So you have both sides.
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Old 01-24-2010, 10:36 AM
 
Location: Aurora, Colorado
2,212 posts, read 4,748,663 times
Reputation: 2368
Quote:
Originally Posted by ucbedge View Post
We do not necessarily believe that one has to rent before picking the right area for them. We moved from California cold-turkey and love the neighborhood we picked. I firmly believe that it's not the area you chose, but what you make of the area. We knew exactly what we wanted, spent about 5 weekends out here finding that, and picked a house. And we couldnt be happier. The additional moving expenses, rent, etc that we wouldve incurred just wasnt worth it to us. Not to mention interest rates are so low now and who knows how long that will last. YOU MUST KNOW WHAT YOU WANT THOUGH. I cant stress that enough.
The advantage of renting is that it takes the pressure off (especially when you're moving cold turkey). We had to pay for our movers when we moved from our rental to our new house and I was shocked by how cheap it was ($400), including packing supplies. I asked for the boxes months in advance so I could pack slowly but surely and had everything packed and in the garage. When the movers came, they just put the boxes in the truck and wrapped up the large furniture. Piece of cake, not expensive, and well worth the trouble.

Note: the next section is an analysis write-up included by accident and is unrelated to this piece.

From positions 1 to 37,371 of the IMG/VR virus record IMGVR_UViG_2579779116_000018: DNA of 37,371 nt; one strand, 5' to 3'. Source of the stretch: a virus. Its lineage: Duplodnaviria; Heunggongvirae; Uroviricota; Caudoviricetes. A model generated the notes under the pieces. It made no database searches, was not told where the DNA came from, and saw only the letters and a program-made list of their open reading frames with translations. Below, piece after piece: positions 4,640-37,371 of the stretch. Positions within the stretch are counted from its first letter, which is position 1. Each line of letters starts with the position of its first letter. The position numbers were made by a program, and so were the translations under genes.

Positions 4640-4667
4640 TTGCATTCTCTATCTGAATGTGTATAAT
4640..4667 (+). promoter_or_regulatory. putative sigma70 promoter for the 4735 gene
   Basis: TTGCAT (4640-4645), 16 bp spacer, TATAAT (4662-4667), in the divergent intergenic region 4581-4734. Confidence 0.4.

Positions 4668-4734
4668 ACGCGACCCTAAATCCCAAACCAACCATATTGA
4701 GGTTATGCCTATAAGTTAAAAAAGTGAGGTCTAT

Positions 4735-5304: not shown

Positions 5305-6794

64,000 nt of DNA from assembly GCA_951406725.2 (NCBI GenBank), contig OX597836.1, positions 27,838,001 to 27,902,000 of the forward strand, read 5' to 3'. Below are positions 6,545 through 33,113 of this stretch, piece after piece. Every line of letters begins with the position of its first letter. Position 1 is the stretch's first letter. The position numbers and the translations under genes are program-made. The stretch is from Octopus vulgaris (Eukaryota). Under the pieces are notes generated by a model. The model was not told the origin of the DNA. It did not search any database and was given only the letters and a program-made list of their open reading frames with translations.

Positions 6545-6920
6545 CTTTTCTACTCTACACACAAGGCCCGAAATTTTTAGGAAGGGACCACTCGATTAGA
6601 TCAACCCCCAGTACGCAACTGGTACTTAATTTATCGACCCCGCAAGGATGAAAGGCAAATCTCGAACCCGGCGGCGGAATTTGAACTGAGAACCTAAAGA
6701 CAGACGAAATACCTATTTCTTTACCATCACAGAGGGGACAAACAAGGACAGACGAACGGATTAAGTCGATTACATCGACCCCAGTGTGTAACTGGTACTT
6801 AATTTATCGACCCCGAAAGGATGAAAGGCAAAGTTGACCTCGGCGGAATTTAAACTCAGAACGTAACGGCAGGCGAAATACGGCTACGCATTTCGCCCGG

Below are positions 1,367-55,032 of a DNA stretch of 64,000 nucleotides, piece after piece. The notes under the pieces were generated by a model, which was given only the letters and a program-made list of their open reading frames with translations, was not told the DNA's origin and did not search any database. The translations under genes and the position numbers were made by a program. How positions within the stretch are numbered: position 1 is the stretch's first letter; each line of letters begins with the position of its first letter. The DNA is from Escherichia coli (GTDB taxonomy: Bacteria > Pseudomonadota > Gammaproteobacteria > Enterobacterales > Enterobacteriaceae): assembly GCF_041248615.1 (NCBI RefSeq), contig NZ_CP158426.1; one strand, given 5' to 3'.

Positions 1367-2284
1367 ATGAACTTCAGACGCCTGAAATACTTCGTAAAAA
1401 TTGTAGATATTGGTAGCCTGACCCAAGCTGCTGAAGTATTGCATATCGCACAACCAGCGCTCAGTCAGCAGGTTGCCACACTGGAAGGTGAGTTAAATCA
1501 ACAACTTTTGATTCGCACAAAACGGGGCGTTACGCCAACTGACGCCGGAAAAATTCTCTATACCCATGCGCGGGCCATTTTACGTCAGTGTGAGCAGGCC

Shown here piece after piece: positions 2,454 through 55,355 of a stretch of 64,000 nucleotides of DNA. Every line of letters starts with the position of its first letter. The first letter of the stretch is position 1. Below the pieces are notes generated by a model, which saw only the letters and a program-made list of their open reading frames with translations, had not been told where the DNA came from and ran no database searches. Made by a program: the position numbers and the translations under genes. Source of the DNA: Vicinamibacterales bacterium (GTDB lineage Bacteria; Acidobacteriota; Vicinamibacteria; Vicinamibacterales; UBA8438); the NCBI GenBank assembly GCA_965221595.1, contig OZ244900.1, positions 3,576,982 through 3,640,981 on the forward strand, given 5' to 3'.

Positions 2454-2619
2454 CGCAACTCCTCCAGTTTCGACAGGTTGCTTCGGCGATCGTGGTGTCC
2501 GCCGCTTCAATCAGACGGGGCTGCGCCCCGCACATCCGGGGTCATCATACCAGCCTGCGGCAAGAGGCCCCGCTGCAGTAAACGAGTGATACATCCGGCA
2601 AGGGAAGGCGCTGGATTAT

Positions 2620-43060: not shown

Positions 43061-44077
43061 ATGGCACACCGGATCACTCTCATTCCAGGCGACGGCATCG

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Old 01-24-2010, 11:07 AM
 
22,550 posts, read 41,438,387 times
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Quote:
Originally Posted by the3Ds View Post
The advantage of renting is that it takes the pressure off (especially when you're moving cold turkey). We had to pay for our movers when we moved from our rental to our new house and I was shocked by how cheap it was ($400), including packing supplies. I asked for the boxes months in advance so I could pack slowly but surely and had everything packed and in the garage. When the movers came, they just put the boxes in the truck and wrapped up the large furniture. Piece of cake, not expensive, and well worth the trouble.